Wheat prices will continue to grow: FAO

The wheat prices will continue to grow in the 2022-2023 cycle as a result of Russia‘s invasion of Ukraine, projected the Food and Agriculture Organization of the United Nations (FAO).

In Ukraine, the escalating conflict raises fears about harvesting crops and exporting products. There is also uncertainty surrounding Russia’s export prospects, due to sales difficulties that may arise as a result of financial and transportation constraints.

These export shortfalls may further raise already high world food commodity prices.

FAO simulations gauging the potential impact of a sudden and sharp reduction in cereal and sunflower seed exports by the two countries indicate that these shortfalls could be only partially offset by the release of stocks during the 2022/23 marketing season.


Because of this high degree of uncertainty, the simulations are presented using two scenarios. In a moderate scenario, which assumes a grain and oilseed export deficit of 24 million tons in 2022/23 and a crude oil price of USD 100/barrel, the world wheat price would increase 8.7 percent.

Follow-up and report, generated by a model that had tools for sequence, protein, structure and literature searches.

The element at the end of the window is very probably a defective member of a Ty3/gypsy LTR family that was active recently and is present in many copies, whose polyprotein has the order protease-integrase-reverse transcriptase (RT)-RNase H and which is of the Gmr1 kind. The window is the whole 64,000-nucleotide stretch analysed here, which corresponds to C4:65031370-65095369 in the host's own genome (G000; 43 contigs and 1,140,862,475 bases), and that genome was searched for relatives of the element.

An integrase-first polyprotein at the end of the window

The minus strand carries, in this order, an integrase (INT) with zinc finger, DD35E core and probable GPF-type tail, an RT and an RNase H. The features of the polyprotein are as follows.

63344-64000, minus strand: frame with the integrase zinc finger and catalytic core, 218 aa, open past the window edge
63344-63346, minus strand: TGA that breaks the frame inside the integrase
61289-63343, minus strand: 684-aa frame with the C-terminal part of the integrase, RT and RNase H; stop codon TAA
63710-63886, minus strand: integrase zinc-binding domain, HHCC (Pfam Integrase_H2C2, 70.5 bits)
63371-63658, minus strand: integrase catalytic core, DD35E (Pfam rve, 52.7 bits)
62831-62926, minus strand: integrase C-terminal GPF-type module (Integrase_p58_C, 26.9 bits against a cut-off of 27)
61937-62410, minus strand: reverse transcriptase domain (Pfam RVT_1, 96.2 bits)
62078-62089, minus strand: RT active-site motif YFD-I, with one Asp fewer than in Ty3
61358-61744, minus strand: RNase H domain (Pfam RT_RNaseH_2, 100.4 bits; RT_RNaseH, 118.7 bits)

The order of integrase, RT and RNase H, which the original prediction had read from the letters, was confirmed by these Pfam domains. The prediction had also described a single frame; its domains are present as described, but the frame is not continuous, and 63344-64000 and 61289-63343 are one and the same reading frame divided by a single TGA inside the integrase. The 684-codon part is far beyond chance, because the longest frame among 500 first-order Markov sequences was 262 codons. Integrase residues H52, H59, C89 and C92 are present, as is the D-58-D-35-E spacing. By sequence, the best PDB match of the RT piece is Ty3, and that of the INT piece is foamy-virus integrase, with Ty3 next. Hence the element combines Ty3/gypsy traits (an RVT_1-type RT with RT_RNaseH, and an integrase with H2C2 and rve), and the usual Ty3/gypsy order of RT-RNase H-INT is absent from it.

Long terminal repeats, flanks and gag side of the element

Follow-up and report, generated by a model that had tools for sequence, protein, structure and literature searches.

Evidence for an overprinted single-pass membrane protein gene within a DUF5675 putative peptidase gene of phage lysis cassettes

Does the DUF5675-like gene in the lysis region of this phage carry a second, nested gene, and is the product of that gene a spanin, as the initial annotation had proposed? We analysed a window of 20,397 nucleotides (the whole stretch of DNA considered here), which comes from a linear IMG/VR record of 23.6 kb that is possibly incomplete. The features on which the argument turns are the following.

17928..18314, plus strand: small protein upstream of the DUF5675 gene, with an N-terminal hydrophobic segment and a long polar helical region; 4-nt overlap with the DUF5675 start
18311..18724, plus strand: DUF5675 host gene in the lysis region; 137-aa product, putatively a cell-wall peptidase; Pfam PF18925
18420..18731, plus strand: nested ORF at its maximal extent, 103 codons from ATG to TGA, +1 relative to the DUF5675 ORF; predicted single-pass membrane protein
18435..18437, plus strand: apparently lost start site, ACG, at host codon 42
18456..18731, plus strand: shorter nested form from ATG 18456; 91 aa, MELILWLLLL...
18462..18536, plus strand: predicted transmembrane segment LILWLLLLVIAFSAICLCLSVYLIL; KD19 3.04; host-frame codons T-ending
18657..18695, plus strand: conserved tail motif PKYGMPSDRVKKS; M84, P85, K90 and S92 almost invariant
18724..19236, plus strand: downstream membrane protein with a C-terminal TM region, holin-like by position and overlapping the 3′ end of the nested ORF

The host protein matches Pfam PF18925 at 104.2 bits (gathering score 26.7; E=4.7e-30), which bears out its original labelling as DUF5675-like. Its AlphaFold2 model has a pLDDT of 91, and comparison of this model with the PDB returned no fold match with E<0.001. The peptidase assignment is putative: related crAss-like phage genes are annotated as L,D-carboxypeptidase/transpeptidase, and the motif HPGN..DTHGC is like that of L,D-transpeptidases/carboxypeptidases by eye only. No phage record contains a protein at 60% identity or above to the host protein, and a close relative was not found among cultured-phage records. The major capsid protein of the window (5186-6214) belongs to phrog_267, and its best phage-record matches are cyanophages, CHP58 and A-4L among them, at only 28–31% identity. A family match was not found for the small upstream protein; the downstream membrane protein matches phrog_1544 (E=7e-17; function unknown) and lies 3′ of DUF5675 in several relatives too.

Wheat prices

In the case of a more severe disruption in world grain and oilseed markets (total export deficit of 58 million tons), the increase in the international wheat price is estimated at 21.5 percent, compared to the already high baseline level.

Prices of other grains and oilseeds would also increase, but to a lesser extent, according to FAO.

This export shortage may also be a consequence of damage to inland transport infrastructure and seaports, as well as storage and processing infrastructure in Ukraine.

The impact is compounded by limited alternatives, such as moving goods by rail rather than ship or switching to smaller processing facilities from modern oilseed crushing plants in the event of damage to key facilities.

At the same time, increased shipping costs would exacerbate the effects on the final costs of internationally sourced food products paid by importers.

Food security

A conflict affecting these important players in the global agricultural commodity market, at a time when international food and input prices are already high and increasingly volatile, raises serious concerns about the potential negative impact on global food security.

FAO simulations suggest that, in the moderate shock scenario, the number of people in the world in 2022 would increase by 7.6 million people, while this increase would amount to 13.1 million people above baseline estimates in the most severe shock scenario.


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